The Chinese New Year period is usually a season of gatherings with family and friends whom you do not meet on a regular basis. It is always a good time to catch up with everyone and find out what everyone is doing. People want to see your children, and you want to meet theirs.
As joyous an occasion as it is, I have found myself to be dreading certain parts of this festive season because it only adds to the already complicated process of parenting.
As much as you want to meet up (or maybe not) with some of these relatives and friends, you slowly realise that because you are a parent, you get affected by more things because as your children grows, people who only see your children a few times a year and do not know your children well can say or do things that shatter all that you have been trying to nurture in your children. After the two weeks of Chinese New Year, you find that you have a lot of “damage control” to do.
1. Nap Time
Whether your child is an infant, a toddler or a preschooler, as long as your child still takes naps, you will find that nap time is basically screwed during Chinese New Year. This is especially true when you have more than one place to visit per day.
When nap time is screwed, you are left with a cranky kid who loses control of his or her emotions easily and is whinier than usual. With that, you also find yourself less patient than usual because you have to handle more tantrums.
It doesn’t help when relatives and friends who do not know your child well start to try and give their two cents or twenty cents worth about what is going on. They do not see that your child is not usually this whiny and end up basically adding to your frustrations.
2. Meal Time
Like nap time, whether your child is an infant, a toddler or a preschooler, as long as your child is at an age where he or she is dependent on you to prepare food for him or her, meal time during Chinese New Year.
Unless your child has special meal requirements and you prepare his or her meal and bring it along during visitation, you are highly likely to be having your meal at whichever relative’s or friend’s home. To make things a little more complicated, “eagle eyes” are watching how your child eats. If your child insists on feeding himself, you worry that he might drop a lot of food and make a mess. If your child is fed by you (more so to avoid messes), you may hear things like “Wah, so big already still need to feed?”. Like seriously.
And then there are the children who are so distracted by the home they are visiting for the first time that they forget about meal time or refuse to eat because they want to keep playing with the new toys at that home. And then you lose control and add to your CNY parenting frustrations.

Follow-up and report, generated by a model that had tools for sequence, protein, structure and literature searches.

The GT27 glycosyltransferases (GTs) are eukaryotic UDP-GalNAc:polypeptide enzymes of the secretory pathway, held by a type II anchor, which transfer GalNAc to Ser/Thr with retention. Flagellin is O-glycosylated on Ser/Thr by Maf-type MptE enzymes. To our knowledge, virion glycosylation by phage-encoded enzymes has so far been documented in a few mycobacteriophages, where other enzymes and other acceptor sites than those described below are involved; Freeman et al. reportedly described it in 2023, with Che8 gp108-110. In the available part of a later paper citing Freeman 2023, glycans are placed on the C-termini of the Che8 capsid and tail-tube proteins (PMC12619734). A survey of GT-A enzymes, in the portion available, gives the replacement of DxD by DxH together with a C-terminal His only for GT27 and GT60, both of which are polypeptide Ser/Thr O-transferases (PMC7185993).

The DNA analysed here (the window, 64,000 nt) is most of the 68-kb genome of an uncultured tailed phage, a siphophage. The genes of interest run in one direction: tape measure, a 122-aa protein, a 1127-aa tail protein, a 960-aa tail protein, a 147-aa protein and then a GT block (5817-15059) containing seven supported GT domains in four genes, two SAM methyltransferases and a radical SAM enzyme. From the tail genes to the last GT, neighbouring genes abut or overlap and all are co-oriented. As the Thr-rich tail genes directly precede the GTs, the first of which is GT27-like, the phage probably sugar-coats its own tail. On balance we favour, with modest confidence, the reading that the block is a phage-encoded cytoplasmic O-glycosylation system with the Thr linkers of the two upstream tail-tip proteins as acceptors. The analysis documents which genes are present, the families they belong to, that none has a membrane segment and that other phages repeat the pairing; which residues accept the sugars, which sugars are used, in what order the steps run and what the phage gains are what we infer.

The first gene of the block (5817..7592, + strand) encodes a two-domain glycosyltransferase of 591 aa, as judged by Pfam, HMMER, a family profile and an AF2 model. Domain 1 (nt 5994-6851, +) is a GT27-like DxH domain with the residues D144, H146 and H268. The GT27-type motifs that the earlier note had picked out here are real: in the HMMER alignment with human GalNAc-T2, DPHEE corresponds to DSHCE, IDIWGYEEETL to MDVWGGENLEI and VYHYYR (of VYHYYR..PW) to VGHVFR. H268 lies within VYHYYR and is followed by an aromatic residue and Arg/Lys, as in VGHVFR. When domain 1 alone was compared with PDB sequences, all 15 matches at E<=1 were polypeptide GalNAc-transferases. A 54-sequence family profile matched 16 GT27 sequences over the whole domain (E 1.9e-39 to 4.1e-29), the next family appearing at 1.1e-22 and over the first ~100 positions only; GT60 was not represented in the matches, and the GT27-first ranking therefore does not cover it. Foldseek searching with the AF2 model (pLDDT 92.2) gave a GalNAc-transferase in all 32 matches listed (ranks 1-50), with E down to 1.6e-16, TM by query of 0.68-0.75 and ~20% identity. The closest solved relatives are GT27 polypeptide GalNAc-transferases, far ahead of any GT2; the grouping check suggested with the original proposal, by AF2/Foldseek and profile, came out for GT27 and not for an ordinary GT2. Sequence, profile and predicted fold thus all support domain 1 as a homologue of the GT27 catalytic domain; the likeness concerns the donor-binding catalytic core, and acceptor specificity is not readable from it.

3. Visiting Homes with No Children
Not every home you visit with your children have other children living there. Some relatives and friends only have adults at home, so obviously, there is no “toys corner” or “play area” for your children.
The challenge of keeping your children entertained while visiting such homes is real. Do you make sure your children pack an activity bag and bring something along to do, like a book to read or paper to draw on? Or do you just entertain your children with a gadget like an ipad or a smart phone?
Even if your children have an activity bag, the activities can only keep them occupied for a certain amount of time. Yet, when you pass a gadget to your children to keep them entertained, you may be met with “expert advice” like “Children shouldn’t play with ipad for so long “.
4. Visiting Homes With Children
While visiting a home with children living there may be having a “toys corner” or a “play area” to keep your children entertained during the visit, the entertainment duration depends on how similar your children’s ages are to the children to live in the home. Similar age groups means appropriate toys and your children have a higher chance of being duly entertained while you make conversation with your relatives and friends.
Then there is the play issue where, if toys are accidentally damaged, or if play time with the owners of the toys does not do well.
5. You Get A Different Child At Different Homes
I do not have a better way of phrasing this and I certainly do not mean it literally. What I am trying to say is that your child can be in a different mood at different homes you visit, and so it feels like you have a different child at different homes.
At the first house you visit, your child may still be in a good mood because it is the start of the day and she is meeting new people and making new friends. She is at the best of her behaviour and shows how sweet and kind she can be.
By the second house of the same day, your child may be a little tired and may not have been able to stay as long as she wanted to at the first home where she was having fun. Also, she may have missed a nap by now, so the mood is building up. She is starting to lose control of her moods, and chances are, your patience is slowly running out too.
After being a parent for more than six years, I start to find myself dreading certain parts of the Chinese New Year. As much as I love meeting up with relatives and friends whom I would otherwise see little of, the “surprises” that my children can spring on, along “advice” and comments with self-appointed experts who obviously do not know your children well, can really making the visiting a big drag.
Yet, these are all part and parcel of parenting and I can only pray as we visit each home that the visit will be a pleasant one.
Now, onward with the rest of the Chinese New Year and (hopefully) to more good visits with zero (or minimum) tantrums.